The Dubs have always been amongst the league’s most high-powered scorers in recent years – finishing no lower than 13th for points per game in the last 13 seasons – but have often wheeled out teams that leaked points faster than they could score them.
However, that is where this season’s Warriors squad broke the mold. After finishing last season 19th in points allowed (100.3), Golden State improved to 10th-best this season (99.5).
Further emphasizing their improvement, Golden State improved their defensive rating from 14th (105.5) to fourth (102.6).
The addition of Iguodala (9.3 points, 4.7 rebounds, 4.2 assists and 1.5 steals per game), who was voted to the All-Defensive Second Team at season’s end, gave Golden State the proven perimeter defender they’ve been lacking, while also providing valuable secondary ball handling.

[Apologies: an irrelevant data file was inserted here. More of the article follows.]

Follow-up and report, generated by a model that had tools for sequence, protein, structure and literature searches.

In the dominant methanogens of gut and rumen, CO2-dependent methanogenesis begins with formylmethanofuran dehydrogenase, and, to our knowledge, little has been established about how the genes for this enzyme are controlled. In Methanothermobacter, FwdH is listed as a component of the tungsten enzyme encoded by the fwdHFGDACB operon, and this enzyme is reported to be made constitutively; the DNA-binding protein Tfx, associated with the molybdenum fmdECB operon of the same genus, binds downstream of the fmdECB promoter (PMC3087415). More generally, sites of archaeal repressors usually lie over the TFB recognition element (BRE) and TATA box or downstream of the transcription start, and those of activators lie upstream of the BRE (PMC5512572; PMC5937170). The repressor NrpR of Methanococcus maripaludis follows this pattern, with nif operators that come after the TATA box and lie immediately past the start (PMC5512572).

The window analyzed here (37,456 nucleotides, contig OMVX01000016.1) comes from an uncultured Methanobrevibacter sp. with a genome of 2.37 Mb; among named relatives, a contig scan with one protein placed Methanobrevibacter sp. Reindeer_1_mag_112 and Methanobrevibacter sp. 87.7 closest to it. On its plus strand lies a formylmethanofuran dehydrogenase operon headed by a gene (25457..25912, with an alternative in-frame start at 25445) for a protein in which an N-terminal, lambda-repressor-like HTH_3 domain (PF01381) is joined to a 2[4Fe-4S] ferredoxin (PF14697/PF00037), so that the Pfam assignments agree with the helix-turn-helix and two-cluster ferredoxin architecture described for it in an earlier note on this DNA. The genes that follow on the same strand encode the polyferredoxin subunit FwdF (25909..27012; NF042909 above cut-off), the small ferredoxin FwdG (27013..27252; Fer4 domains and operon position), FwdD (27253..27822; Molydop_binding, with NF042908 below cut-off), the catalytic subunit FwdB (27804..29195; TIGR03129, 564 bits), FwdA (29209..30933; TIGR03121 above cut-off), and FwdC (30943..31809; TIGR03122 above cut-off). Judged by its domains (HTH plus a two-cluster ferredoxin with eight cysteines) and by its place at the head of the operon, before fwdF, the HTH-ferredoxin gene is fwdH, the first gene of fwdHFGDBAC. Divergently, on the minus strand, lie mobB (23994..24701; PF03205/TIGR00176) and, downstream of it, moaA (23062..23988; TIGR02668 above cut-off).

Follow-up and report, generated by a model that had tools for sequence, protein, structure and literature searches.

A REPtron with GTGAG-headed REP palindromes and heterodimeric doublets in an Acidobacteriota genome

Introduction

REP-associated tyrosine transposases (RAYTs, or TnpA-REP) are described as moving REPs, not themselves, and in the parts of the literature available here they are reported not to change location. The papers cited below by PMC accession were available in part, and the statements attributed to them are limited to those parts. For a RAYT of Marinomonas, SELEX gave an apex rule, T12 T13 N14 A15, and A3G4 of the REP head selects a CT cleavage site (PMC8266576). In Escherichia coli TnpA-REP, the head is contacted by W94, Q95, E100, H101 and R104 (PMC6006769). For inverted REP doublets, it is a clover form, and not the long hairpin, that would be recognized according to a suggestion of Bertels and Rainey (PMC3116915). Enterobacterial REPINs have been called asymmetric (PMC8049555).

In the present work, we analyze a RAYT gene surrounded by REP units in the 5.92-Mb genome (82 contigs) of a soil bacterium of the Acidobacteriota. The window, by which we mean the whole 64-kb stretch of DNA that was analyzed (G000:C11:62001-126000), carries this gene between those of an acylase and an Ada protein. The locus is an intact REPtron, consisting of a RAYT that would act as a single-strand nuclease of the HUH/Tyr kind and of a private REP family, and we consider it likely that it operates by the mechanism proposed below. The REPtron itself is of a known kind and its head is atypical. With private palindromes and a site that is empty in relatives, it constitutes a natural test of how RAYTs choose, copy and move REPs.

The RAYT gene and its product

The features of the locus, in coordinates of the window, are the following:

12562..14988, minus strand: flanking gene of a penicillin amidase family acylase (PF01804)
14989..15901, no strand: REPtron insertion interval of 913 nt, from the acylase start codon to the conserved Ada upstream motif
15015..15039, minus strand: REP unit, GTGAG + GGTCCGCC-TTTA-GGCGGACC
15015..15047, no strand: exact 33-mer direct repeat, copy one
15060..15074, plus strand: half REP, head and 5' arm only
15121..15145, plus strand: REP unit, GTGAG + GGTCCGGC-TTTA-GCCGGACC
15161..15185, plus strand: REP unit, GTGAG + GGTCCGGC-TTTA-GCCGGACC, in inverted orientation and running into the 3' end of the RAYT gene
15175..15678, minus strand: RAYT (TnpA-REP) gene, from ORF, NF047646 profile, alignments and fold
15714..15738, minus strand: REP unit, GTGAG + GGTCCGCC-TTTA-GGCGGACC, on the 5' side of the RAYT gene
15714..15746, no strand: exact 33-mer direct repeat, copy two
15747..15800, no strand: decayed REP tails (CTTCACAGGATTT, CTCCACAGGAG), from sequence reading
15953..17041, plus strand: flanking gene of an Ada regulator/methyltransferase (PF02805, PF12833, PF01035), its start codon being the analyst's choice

Meanwhile, getting 67 games out of Andrew Bogut (7.3 points [62.7% FG – second in the league), 10.0 rebounds [11th] and 1.8 blocks [sixth]) – more than double the amount he played last season and more than the past two seasons combined – gave the Warriors an invaluable rim protector to park behind their defensively-challenged point guard.
The seemingly ageless Jermaine O’Neal (7.9 points, 5.5 rebounds and 0.9 blocks) also played well in stretches – especially once Bogut was ruled out indefinitely with a broken rib.
Golden State have no picks in the upcoming draft after being forced to part with them in order to dump the salaries of Richard Jefferson, Andris Biedrins and Brandon Rush on the Utah Jazz to facilitate the trade-and-sign deal for Iguodala.